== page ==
Thursday, July 17, 2008

Giant Gorilla by Marusan

    As promised, here I bring you these fugly guys: Giant Gorilla (ジャイアントゴリラ) by Marusan (マルサン). These are virtually the same across all colorways, so I will write about them all at once. Come to think of it, that is probably a better idea than how I have been doing it if i plan to show off the same sculpt in different colors right around the same time.

    I had a quote in the Buta No Hana Gorilla article explaining Toho's hesitancy in allowing companies to make toys called King Kong, and instead the vinyl toys manufacturers made giant gorillas to avoid any potential legal problems with Universal.

    I found some Marusan history in the Super7 Mook (a great resource for these as well as Secret Base and Real Head toys by the way) that was released late last year.

    Marusan was in the midst of a kaiju boom in the mid-1960s thanks to many movies and the Ultra-Q show on television, and Marusan moved from tin and plastic toys to the cheaply and quickly produced vinyl toys. The company produced vinyl toys from 1966 to 1969, but eventually closed and were bought out by three former employees who went on to form Bullmark.

    The Giant Gorilla was made in 1967, originally in a dark blue color and perhaps others that I do not know about. All of my Giant Gorillas are reproductions that Marusan produced from the original molds in the 1990s. There is a large brown one out there that I have yet to come across, but I have a spare blue one so maybe I'll just get to painting!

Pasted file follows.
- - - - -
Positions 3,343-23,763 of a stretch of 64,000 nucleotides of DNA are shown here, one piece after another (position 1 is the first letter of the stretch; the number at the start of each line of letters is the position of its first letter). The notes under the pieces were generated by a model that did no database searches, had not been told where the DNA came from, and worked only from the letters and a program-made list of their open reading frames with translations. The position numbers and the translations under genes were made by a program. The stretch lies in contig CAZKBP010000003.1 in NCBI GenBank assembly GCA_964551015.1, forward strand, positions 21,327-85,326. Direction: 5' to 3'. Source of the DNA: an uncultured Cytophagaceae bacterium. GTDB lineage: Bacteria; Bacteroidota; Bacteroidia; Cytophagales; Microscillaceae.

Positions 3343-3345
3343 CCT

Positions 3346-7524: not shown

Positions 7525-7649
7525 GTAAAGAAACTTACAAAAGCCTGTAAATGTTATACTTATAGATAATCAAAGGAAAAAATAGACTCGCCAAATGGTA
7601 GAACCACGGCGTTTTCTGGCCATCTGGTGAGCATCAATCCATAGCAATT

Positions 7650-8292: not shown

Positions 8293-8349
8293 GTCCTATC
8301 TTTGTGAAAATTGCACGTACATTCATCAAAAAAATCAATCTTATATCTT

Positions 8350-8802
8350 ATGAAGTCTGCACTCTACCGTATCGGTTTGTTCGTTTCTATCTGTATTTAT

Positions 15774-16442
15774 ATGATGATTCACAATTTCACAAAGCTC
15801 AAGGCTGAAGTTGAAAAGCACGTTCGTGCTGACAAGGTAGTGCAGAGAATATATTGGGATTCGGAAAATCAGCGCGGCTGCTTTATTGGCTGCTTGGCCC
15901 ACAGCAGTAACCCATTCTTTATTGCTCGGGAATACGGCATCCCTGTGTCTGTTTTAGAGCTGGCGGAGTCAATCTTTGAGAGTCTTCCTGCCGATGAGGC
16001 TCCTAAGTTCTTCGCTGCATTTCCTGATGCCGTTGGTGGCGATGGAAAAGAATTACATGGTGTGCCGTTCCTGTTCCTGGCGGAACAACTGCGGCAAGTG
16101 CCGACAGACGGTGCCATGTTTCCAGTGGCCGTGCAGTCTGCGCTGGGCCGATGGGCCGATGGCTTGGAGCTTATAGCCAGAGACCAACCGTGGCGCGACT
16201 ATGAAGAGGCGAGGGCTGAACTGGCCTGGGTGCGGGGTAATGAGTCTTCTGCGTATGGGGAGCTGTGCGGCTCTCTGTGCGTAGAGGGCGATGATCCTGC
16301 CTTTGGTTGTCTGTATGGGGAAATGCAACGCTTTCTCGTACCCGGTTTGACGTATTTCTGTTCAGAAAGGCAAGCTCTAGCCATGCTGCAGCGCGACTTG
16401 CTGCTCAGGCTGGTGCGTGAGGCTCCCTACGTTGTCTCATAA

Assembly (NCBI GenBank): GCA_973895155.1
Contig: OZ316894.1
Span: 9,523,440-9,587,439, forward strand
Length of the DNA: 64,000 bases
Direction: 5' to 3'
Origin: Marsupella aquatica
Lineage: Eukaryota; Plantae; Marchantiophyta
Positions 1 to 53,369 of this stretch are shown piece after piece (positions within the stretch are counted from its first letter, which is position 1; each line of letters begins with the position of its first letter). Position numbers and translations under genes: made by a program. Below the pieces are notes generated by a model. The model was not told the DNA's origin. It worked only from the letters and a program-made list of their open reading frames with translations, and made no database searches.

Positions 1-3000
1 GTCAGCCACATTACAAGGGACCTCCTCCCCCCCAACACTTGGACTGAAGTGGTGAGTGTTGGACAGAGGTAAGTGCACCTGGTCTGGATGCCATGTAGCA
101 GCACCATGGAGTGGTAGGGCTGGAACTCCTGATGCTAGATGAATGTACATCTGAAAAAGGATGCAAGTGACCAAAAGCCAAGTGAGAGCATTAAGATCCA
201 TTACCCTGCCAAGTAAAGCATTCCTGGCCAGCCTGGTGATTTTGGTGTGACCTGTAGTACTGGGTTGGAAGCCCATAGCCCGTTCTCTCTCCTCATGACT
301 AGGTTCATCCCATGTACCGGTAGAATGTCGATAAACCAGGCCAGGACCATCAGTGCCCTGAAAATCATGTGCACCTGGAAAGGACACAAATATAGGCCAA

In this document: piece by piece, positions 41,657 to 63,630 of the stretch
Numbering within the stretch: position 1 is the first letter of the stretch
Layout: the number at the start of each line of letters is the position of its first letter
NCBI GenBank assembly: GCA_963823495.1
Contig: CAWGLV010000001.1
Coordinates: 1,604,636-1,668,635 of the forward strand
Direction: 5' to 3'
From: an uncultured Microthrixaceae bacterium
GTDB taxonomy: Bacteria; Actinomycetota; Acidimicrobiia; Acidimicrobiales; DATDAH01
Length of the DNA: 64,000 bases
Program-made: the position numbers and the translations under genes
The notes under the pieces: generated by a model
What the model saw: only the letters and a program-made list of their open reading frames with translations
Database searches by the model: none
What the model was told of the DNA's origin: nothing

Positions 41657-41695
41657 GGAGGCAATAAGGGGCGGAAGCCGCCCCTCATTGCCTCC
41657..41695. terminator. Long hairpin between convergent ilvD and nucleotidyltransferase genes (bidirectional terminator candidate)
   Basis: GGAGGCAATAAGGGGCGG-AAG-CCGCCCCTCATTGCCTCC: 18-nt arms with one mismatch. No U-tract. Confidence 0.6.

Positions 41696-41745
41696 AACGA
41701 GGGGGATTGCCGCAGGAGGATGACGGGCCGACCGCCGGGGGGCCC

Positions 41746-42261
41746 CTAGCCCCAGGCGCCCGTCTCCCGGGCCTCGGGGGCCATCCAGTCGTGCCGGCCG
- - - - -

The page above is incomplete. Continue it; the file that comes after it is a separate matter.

This gorilla rides the border between official Toho monsters that Marusan released and their completely original offerings that came later on. Masusan not only released these, but other of their original sculpts in the 90s.


    Header //3 out of 5//:
    While the painted header is really cool, Marusan really just offers up what seems to be a generic header with the name of the toy inside printed in the top right corner on the front. On the front you get to see a Thor type character giving a swift flying chop to an evil chicken, then some generic monsters swooping in to fight or fornicate on the back.

    The header is larger than most I have seen... similar width but about twice as deep.

    If the header had more to do with the toy inside, I would like it a lot better. The imagery is very cool.

    Sculpt //3 out of 5//:
    Despite my simian bias, I will be the first to admit that this is a pretty crude sculpt.

    The mouth is not quite a mad roar and not quite a smile. The facial expression does not say angry as I expect a giant gorilla to be. He just looks kind of bored or possibly like he is singing off key....

    ...about gorilla stuff...

    I like the bulky look of the hands and feet, but the arms in particular feel crooked in a way. The hands come off the forearms less like a menacing fist and more like he is saying YAAAAY while shaking his fists in excitement.